"Just like you, I was interested in reading current and former students' opinions of their experience at NCU. I can tell you that you will hear a TON of negative reviews. Yes, the graduation rate is lower in general for PhD programs than the national standard (37% versus 57% in 2005). But just keep in mind that not everyone is cut out to earn a PhD. It is supposed to be hard! Don't let that deter you from choosing this school. If you are looking for a solid education with amazing support staff and mentors (that is what the professors are called) that provide valuable feedback, then this is the place to go. When I was researching schools to attend (online because it wasn't possible with my schedule to go to a traditional B&M school), what really swayed me was the "no residency" requirement and the one-on-one classroom model. The thing I hated about my MBA was half my grade resulted from group work. The classes at NCU run for either 8 weeks or 12 weeks, and you really have the chance to start exploring and doing research on your chosen dissertation topic early in the process. Your coursework makes up the first two years of your studies, then you take a 12 week comprehensive exam. Once you pass that, you are deemed a doctoral candidate. It is at that point you start your concept paper. The concept paper is a 9 page paper that explores your chosen topic. Once that is accepted, you are able to start on your dissertation. Unlike many other PhD programs where you pretty much have to write your dissertation and then find out if it is accepted or not, if your concept paper doesn't pass then you didn't just waste years of writing. The biggest complaint I hear from other students further in the program is the lack of valuable feedback or mentors that take way too long to comment on work. The school has a 21 day feedback policy once you get into the dissertation phase and a 4 day policy with regular coursework. The program is challenging, especially if you are not good at managing your time. It was suggested to me that hiring an editor as early as the comprehensive exam is smart because they are able to pinpoint issues with your writing and identify grammatical/APA formatting mistakes so you don't have to keep rewriting your work. The mentors are not there to teach you, but more to guide you. In a PhD program, there shouldn't be anything new to teach since you have already gone through at least seven years of college prior to your acceptance into the program. The support staff at the school have been excellent in my opinion, from the initial advisers signing you up for your classes, to financial aid, down to the academic support center they have. If you need help with any of your classes, you can utilize their tutoring services, which they provide twice a week for free. I used it for my Stats course and it helped me tremendously. The books for this program are so much lower than any other school I have gone to, even when compared to my undergraduate degree at a state university. And they reuse some of the books in future classes! Do yourself a favor and disregard the negativity that comes from some of the comments here on this site and others. That's what I did because I read a few reviews that said just what I am saying to you. It doesn't matter what school you go to, online or B&M, you will get people that aren't satisfied with their experience. Just think about it, are you more likely to fill out a survey if you have a negative or positive experience? Most people would say negative. This is why I wrote this response to educate prospective students out there. Don't listen to the noise! If you are looking for a challenge in an independent home environment where the only person that can fail you is you, then consider NCU. The grades I have received are not easy to get so I really feel like I worked for those grades. I am much more satisfied with my education at this school than in either of my Master degree programs or my undergraduate program."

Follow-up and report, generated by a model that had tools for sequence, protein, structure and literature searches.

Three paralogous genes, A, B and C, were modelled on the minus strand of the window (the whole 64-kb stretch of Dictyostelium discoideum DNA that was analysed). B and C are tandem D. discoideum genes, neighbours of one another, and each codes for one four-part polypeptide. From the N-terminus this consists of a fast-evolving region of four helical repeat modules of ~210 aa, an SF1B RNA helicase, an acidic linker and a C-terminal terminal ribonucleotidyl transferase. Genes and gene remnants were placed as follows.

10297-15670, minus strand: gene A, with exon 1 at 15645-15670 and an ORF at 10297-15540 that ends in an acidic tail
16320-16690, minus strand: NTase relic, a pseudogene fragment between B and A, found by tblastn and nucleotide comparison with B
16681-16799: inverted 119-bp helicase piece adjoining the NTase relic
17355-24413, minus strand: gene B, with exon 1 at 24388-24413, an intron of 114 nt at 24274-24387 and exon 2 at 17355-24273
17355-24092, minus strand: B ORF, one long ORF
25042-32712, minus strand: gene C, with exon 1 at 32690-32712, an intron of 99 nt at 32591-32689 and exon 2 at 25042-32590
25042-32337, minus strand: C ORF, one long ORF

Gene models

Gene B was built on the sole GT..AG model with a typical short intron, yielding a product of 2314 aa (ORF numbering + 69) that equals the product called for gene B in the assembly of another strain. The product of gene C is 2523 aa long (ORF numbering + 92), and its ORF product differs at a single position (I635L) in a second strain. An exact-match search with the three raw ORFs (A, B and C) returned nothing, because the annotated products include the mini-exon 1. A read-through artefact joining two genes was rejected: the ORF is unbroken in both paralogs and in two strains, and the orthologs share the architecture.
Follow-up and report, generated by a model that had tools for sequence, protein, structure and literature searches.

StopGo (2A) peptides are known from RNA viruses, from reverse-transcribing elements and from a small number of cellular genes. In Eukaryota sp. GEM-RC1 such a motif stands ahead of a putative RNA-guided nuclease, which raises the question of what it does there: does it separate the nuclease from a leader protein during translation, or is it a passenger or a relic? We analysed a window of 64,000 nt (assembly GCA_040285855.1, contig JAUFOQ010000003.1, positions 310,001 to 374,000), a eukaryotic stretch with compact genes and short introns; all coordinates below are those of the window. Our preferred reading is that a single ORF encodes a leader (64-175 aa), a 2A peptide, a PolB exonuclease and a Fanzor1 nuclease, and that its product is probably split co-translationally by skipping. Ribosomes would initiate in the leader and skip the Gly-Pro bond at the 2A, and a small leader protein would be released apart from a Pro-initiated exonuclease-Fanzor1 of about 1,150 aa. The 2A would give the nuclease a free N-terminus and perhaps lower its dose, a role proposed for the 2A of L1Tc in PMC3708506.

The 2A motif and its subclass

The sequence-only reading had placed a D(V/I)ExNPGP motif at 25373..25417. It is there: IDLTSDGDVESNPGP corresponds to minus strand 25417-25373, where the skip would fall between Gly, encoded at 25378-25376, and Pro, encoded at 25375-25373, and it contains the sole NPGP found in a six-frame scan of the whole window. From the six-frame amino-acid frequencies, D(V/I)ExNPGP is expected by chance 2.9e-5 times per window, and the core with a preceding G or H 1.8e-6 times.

Nkg - 6/3/2015
Graduation Year: 2016